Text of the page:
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Issues and options for restructuring electricity supply industries

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  • David Newbery

    () (Department of Applied Economics Cambridge, UK)

Abstract

The electricity supply industry is highly capital-intensive, whose success depends critically upon the management of its investment. In most developing countries investment is poorly managed, poorly maintained, and often inadequate. Inadequate regulation or political control lead to low prices that undermine the finance of investment and give poor incentives for management and operation. The paper argues that regulation must be carefully designed to provide efficient incentives and adequate guarantees to sustain investment and operations and only then will privatisation improve performance and benefit consumers. The paper discusses the evidence for these claims, the circumstances required for full unbundling and liberalisation to be successful, and those where the Single Buyer Model or continued, ideally reformed, state ownership, may be preferable, at least until conditions improve.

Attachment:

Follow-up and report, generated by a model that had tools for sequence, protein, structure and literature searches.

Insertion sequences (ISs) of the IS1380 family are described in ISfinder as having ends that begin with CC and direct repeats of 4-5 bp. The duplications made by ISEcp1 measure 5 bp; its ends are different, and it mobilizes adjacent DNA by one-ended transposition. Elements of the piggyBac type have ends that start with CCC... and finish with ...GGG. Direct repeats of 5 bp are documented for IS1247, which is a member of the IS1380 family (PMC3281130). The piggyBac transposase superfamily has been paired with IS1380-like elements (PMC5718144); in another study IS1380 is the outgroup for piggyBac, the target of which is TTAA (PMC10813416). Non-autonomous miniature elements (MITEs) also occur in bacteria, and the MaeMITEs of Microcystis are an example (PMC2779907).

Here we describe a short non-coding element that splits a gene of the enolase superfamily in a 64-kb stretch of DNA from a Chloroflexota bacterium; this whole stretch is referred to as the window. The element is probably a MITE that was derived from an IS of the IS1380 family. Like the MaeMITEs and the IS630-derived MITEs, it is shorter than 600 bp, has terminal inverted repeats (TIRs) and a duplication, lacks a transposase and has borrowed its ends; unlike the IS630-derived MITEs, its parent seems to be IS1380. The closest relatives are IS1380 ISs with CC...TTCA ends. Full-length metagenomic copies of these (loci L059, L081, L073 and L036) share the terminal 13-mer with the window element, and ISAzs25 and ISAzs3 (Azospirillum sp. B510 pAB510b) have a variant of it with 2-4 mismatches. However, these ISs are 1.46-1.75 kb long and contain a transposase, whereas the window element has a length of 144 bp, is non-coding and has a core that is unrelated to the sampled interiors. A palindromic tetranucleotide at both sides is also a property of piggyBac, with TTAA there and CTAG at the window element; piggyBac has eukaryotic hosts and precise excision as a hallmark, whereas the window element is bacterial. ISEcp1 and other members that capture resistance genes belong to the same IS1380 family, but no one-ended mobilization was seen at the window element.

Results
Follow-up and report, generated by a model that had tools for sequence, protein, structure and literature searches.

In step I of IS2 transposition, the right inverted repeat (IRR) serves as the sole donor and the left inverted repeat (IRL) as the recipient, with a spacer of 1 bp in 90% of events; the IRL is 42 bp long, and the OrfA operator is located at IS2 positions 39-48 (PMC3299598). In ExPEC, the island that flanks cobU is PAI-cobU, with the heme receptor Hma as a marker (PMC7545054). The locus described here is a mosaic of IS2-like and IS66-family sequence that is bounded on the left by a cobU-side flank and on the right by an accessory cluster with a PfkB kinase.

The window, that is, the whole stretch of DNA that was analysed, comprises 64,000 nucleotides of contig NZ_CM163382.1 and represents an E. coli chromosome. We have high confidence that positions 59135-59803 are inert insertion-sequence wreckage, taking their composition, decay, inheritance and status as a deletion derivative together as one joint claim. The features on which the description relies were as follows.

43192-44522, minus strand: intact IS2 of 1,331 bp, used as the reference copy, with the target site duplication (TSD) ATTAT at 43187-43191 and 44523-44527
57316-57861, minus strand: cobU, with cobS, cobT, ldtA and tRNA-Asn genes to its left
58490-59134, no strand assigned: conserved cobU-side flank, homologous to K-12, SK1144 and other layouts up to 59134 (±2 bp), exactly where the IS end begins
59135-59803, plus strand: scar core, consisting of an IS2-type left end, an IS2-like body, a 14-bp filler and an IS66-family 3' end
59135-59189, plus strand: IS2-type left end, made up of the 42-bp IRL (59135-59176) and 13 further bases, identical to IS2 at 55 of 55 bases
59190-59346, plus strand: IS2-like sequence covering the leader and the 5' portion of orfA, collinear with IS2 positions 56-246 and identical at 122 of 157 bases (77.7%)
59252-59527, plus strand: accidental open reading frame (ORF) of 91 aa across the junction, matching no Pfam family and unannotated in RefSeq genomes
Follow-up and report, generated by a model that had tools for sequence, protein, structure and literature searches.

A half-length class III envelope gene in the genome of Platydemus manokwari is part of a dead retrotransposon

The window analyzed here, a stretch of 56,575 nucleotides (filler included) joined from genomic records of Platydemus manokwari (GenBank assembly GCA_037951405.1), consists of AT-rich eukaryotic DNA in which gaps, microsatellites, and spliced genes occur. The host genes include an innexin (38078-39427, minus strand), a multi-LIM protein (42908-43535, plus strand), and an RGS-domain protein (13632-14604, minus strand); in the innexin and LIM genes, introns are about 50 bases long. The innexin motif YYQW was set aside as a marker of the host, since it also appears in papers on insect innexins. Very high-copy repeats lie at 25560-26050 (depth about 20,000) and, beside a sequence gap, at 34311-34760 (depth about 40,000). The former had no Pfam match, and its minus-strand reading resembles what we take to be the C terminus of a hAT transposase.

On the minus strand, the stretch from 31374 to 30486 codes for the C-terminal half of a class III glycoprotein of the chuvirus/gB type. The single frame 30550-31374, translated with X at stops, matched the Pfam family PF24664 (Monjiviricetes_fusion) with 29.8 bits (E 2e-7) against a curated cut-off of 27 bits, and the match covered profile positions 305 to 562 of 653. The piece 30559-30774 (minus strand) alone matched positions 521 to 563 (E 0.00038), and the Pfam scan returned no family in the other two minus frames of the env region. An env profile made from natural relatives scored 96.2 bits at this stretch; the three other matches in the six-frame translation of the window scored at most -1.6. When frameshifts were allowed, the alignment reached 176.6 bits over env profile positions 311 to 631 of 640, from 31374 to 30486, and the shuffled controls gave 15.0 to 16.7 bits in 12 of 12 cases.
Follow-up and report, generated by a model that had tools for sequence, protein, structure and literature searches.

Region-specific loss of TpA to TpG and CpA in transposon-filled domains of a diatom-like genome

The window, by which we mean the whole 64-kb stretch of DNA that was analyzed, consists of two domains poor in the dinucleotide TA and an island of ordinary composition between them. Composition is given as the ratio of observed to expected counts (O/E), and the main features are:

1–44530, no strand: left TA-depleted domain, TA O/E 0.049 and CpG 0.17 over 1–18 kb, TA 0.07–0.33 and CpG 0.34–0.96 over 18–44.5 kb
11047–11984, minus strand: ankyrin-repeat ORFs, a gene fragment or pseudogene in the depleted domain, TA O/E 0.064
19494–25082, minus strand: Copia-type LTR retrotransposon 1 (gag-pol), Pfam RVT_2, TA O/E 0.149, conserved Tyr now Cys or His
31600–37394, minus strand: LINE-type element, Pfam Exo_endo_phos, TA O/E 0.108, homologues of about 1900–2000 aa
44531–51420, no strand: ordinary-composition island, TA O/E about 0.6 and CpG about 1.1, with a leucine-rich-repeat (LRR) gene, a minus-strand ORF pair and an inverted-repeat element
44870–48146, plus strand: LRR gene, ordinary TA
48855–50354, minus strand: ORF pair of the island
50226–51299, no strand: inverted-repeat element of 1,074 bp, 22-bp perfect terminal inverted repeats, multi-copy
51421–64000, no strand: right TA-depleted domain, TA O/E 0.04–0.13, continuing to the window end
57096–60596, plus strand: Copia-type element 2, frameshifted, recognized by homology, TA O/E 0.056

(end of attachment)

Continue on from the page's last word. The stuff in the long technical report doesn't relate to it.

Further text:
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Suggested Citation

  • David Newbery, 2002. "Issues and options for restructuring electricity supply industries," Working Papers EP01, Energy Policy Research Group, Cambridge Judge Business School, University of Cambridge.
  • Handle: RePEc:enp:wpaper:ep01
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    References listed on IDEAS

    as
    1. Paul L. Joskow, 2001. "California's Electricity Crisis," Oxford Review of Economic Policy, Oxford University Press, vol. 17(3), pages 365-388.
    2. Bogorad, Cynthia S. & Penn, David W., 2001. "Cost-of-Service Rates to Market-Based Rates to Price Caps to ?!#?#!?," The Electricity Journal, Elsevier, vol. 14(4), pages 61-72, May.
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    6. Pollitt, M. G., 1997. "The Restructuring and Privatisation of the Electricity Supply Industry in Northern Ireland: Will it be Worth it?," Cambridge Working Papers in Economics 9701, Faculty of Economics, University of Cambridge.
    7. Preetum Domah & Michael G. Pollitt, 2001. "The restructuring and privatisation of the electricity distribution and supply businesses in England," Fiscal Studies, Institute for Fiscal Studies, vol. 22(1), pages 107-146, March.
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    Full references (including those not matched with items on IDEAS)

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    More about this item

    JEL classification:

    • K23 - Law and Economics - - Regulation and Business Law - - - Regulated Industries and Administrative Law
    • L51 - Industrial Organization - - Regulation and Industrial Policy - - - Economics of Regulation
    • L94 - Industrial Organization - - Industry Studies: Transportation and Utilities - - - Electric Utilities

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